Civil Liberties Panel Is Off to a Sluggish Start

By Caroline Drees
Monday, August 8, 2005

A civil liberties board ordered by Congress last year has never met to discuss its job of protecting rights in the fight against terrorism, and critics say it is a toothless, under-funded shell with inadequate support from President Bush.

Lawmakers including some Republicans, civil rights advocates, a member of the Sept. 11 commission and a member of the Privacy and Civil Liberties Oversight Board have expressed concerns.

Lanny Davis, the only well-known liberal among the five people Bush nominated after a six-month delay, said he had not received a call from anyone related to the board since it was formally announced in June. Davis said he could not comment on specifics because the members had not yet met.

All four other panel members declined to comment.

The inactivity comes as Congress is about to reauthorize several provisions of the USA Patriot Act, which gave the government new powers to go after suspected terrorists.

Asked why it was taking so long to set the board up, Rep. Christopher Shays (R-Conn.) said, "It's not a priority for the administration."

The intelligence reform law of December 2004 called for the oversight board in response to a recommendation from the Sept. 11 commission, which feared that increased governmental powers needed to fight terrorism could erode civil liberties.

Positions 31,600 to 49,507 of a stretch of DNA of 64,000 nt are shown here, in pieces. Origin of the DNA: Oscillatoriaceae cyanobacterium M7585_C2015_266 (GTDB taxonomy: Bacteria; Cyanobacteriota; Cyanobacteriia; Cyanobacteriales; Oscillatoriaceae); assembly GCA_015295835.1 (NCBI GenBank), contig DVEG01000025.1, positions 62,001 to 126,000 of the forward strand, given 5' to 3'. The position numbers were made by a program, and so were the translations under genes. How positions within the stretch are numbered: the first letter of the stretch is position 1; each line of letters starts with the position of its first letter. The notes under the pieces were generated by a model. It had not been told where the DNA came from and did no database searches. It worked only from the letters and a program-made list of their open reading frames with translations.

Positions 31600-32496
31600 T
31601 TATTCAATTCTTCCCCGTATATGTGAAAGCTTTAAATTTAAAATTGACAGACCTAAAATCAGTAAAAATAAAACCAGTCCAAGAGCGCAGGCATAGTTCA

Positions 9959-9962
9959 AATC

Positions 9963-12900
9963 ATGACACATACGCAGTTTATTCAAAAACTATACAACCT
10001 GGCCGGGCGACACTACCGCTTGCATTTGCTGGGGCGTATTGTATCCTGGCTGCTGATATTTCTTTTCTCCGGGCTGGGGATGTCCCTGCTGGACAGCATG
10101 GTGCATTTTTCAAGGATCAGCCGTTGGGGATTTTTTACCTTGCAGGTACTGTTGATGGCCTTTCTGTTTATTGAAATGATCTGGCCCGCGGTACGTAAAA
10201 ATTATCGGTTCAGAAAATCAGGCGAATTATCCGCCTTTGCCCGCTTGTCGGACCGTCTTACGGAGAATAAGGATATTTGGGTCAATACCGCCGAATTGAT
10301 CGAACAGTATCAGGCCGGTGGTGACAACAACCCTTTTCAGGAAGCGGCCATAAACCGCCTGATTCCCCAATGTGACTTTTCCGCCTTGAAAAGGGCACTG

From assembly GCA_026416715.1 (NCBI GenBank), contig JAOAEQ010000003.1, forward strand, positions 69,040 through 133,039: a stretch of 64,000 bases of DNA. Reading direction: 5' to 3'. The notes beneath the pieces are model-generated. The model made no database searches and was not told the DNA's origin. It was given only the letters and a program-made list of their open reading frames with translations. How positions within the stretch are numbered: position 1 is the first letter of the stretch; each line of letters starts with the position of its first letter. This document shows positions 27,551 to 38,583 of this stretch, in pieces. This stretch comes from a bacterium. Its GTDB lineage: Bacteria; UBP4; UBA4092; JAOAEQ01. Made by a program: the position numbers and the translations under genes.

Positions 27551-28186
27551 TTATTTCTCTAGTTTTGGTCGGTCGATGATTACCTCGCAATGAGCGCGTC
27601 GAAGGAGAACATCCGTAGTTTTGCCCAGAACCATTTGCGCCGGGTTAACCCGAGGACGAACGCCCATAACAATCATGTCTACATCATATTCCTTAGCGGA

Top White House officials have said the board would address those concerns, and get the resources needed to do the job.

But almost eight months after its inception, critics say the panel still exists only on paper, and lacks the money, power and presidential backing to ensure the entire government respects Americans' rights.

The Bush-appointed panel "is a very watered-down board without the kinds of powers which I believe are necessary to provide credibility and authority, such as independent subpoena power . . . and a bipartisan process in selection," said Richard Ben-Veniste, a member of the Sept. 11 commission.

"We don't think the board serves as a credible watchdog," said Tim Edgar, national security policy counsel at the American Civil Liberties Union.

One frequent complaint concerns the board's budget. Bush requested $750,000, which Congress doubled to $1.5 million.

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